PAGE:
I am running a daily pg_dump on PostgreSQL 9.3.14 database of approx. 50 GB of size:

pg_dump -Fc dbname > file

The problem I am having is that while pg_dump runs, which takes several hours, all the other database connections are extremely slow.

Is there any way to make the pg_dump consume less resources or is there a more proper way of creating periodic backups that doesn't slow down the db server so much?

E.g. would running pg_dump from a different server help the database I/O on its working server?

  • 5
    You could setup a slave and take the dump from the slave.
    – user1822
    Mar 1, 2017 at 7:56

4 Answers 4


use atop and pg_activity to determine the bottlneck. That could be server resource together with not optimal PG configuration/ non-optimal query OR missing indexes.

to improve dump speed you run dump:

  • from another server (that requires good network)

  • use zero compress option -Z0 (reduces dump time, due to pg_dump can not parallel compressin, but increases requirements for IO, that could make your other requests even slower for time dump is running)

  • use directory format for backup: -Fd
  • use jobs: -j8 (depends on number of cores you server has)

several hours seems a bit long for only 50gigs as other have stated. This tells us the IO on the server, or destination is bogged down or needs to be up-sized. Or this is network issue causing the slowness.

I suggest do a pg_dump and monitor the server resources, hard-drive, and Network and the destination to see where slowness is

Another option that has shown to reduce backup times is turn off compression, this makes allot of sense if the data is mostly BLOBs or other binary data stored in the database.

On a server i manage that is a 65 gig database it was taking around 1 hour to do the dump, removed the compression dump took 30 minutes.


It depends a lot on details that you have not specified, particularly how the IO subsystem is arranged for this database instance. Single drive? Multiple? If multiple how is the data/uses spread over those drives? Drive types (spinning, SATA SSD, NVMe SSD, ..._)? Network rather than local and if net, what networking standards?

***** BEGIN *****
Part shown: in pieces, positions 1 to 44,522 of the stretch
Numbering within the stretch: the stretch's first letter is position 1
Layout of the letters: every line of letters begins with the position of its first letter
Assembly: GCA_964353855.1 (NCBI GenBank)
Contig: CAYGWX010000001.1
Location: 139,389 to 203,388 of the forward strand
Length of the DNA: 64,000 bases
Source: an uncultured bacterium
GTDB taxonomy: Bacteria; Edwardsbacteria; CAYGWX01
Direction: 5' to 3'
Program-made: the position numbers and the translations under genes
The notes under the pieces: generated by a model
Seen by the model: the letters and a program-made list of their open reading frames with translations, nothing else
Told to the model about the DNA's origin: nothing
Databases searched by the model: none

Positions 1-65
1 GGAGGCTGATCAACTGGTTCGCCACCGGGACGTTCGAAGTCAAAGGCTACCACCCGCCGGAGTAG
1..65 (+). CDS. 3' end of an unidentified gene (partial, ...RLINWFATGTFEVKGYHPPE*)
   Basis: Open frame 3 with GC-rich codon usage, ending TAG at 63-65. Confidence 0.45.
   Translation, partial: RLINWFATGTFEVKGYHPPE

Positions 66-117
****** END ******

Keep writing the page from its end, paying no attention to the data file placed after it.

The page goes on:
With 50Gb taking "several hours", either the database is under high load without the dump running or you have traditional (spinning surface & moving heads) style drive(s), or both.

If running the dump on an active machine it is going to compete with all other activity for IO bandwidth. You can minimise this by writing the data to another drive, assuming you are currently reading a database from one drive (or RAID array) and writing it to the same drive/array - by writing to another drive only the read activity of the dump is competing with everything else. This will be especially helpful if the storage is based traditional drives rather than solid state units because you are reducing extra head movements too, in fact as well as reducing the impact on other processes the dump itself will be faster for that reason. If there are not other drives in the machine (i.e. they are all part of the same RAID array, or are network mounts, etc...) then dumping to a drive connected via USB might be a solution at least temporarily.

Though this is at best an educated guess based on minimal details. If you improve your question by describing your I/O subsystem, you are likely to get more specific and helpful answers.


Little hard to say, because we don't know your database setup.

Does your database use schemas with views in it? You can use the -n option to dump only the data schemas and rebuild your views after the restore.

Maybe you can do it on a quiet moment on your server, with -j you can parallelize the dump. It will take less time, but uses more memory.

Otherwise the slave option is a good practice.

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